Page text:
Apparently the Nats are so loaded with talent and potential for the coming years that they don't need to make a change. At least that's how you could read it considering all the moves they haven't made and how two-thirds of the league's players have seemingly changed hands.
It's a tough spot for the Nats. They're a bad team, so they should trade their players away. But because they're a bad team, they don't have much that other teams would want.
Still, there are some pieces that could and should be moved. And the longer interim GM Mike Rizzo has waited, the less likely those pieces actually will go elsewhere.
Consider Nick Johnson. He's easily the team's most tradeable option. A first baseman with good on-base skills, his contract is up at the end of the season -- the classic rent-a-player. Both the Giant and BoSox have traded for first basemen within the last two weeks, both for inferior players to Nick Johnson. So why isn't NJ playing by an ocean somewhere?
Then there's Joe Beimel, a so-so lefty reliever who, too, is a free agent at the end of the year. Teams are always looking for an extra lefty arm, yet there's been no match yet -- even as the Dodgers traded for O's closer George Sherrill today. There's hardly even any buzz.
How 'bout Josh Willingham? He's 30, which isn't exactly ancient, but it does mean that he's probably not going to be here in four seasons. Considering his contract, he should have a decent amount of value to someone else. But where's the buzz?
You can't just give your players away, of course, but with NJ and Beimel, especially, the team needs to get something -- anything! -- for them before they lose them for nothing, if it's not too late already.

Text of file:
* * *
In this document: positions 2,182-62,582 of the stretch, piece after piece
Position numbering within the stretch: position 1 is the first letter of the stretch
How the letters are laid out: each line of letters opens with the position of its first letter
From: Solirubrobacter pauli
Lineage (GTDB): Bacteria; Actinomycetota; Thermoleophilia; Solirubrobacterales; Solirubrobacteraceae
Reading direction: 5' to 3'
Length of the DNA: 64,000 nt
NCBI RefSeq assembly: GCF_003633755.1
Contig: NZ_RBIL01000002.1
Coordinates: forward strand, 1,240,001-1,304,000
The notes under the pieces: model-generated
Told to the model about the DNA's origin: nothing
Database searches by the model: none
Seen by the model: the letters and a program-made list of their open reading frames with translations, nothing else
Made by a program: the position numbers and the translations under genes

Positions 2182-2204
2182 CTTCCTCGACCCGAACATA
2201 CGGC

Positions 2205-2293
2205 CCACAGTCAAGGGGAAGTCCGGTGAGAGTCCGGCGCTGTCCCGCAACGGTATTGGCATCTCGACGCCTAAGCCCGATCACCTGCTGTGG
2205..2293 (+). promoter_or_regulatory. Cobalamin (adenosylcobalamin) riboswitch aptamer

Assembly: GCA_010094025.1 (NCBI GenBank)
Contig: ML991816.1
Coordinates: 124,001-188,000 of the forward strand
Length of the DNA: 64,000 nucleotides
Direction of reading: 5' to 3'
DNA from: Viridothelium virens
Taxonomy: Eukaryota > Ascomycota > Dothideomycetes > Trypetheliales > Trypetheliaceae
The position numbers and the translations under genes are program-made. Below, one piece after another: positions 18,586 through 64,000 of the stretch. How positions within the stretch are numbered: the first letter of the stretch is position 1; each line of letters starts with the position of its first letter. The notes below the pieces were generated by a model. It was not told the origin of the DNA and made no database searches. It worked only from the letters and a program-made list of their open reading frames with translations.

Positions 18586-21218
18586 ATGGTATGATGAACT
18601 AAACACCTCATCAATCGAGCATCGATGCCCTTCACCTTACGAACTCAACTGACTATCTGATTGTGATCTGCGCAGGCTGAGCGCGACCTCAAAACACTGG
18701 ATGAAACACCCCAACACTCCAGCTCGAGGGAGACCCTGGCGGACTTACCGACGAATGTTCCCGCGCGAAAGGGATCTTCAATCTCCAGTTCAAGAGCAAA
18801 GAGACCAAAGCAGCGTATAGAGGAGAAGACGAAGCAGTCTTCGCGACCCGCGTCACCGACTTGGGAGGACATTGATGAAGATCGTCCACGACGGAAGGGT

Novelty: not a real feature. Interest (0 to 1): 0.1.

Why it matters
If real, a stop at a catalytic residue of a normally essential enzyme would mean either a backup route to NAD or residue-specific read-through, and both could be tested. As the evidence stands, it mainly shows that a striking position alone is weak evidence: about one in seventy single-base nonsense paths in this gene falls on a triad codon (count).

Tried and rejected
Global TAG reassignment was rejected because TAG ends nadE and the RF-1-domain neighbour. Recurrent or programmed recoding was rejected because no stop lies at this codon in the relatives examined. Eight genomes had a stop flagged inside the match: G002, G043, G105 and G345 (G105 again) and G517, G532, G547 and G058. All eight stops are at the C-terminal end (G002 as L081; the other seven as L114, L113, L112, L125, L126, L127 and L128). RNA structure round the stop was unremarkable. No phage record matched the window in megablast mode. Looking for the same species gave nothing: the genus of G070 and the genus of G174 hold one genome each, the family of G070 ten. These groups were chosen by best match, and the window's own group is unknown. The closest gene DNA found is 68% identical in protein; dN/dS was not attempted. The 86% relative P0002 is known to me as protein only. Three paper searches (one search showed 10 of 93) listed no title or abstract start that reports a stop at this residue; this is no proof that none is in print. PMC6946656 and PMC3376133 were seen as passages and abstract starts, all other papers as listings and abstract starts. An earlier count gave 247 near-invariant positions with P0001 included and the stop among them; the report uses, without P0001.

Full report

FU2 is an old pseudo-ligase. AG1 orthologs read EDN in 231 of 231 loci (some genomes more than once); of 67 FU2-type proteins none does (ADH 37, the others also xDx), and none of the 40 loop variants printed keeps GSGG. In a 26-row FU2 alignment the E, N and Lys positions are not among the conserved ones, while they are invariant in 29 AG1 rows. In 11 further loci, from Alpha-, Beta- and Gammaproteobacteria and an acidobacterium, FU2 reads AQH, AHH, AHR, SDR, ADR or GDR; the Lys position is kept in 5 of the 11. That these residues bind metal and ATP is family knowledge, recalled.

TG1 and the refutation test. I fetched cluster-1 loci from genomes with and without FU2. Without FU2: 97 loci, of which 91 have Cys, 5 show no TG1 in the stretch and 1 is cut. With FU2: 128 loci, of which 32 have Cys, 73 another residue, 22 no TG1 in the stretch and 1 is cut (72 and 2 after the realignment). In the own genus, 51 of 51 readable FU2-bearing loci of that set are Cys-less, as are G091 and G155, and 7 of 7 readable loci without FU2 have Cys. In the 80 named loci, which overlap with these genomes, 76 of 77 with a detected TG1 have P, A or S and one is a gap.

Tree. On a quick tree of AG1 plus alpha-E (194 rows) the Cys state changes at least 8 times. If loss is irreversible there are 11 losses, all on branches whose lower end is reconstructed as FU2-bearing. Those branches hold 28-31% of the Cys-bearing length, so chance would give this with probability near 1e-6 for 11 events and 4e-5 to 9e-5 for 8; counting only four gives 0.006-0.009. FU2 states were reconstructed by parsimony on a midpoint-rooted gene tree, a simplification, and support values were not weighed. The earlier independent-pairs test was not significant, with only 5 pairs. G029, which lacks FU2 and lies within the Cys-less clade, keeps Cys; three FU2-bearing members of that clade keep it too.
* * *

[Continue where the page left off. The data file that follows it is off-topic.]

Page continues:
This is a team that's going to lose 110 games or so. There's no point to trying to hold on to these guys to win a few extra games down the stretch. They may not have many valuable assets, but a prospect who has even a 3 percent chance of helping five years from now has more value than 60 remaining games of Nick Johnson.
Nobody's suggesting that an interim GM with an interim manager are holding back in the hopes that postive short-term results will help their employment chances next year. But the appearance of a conflict of interest is usually just as damaging as an actual conflict would be.
Rizzo seems like he's been hoping to hit a grand slam with these deals, which is the same criticism many lobbed at Jim Bowden. If he's that tough to deal with and that unreasonable in his demands, might that tell us something about what to expect in the future, should he win the job permanently?
Just as what happens with Stephen Strasburg's signing is a bellwether for Rizzo, what happens at tomorrow's deadline -- and what's happened before -- should be similarly important. With about 24 hours left, we'll see what kind of GM he could be.
Chris Needham used to write Capitol Punishment. Now he twitters in anger about the lousy team.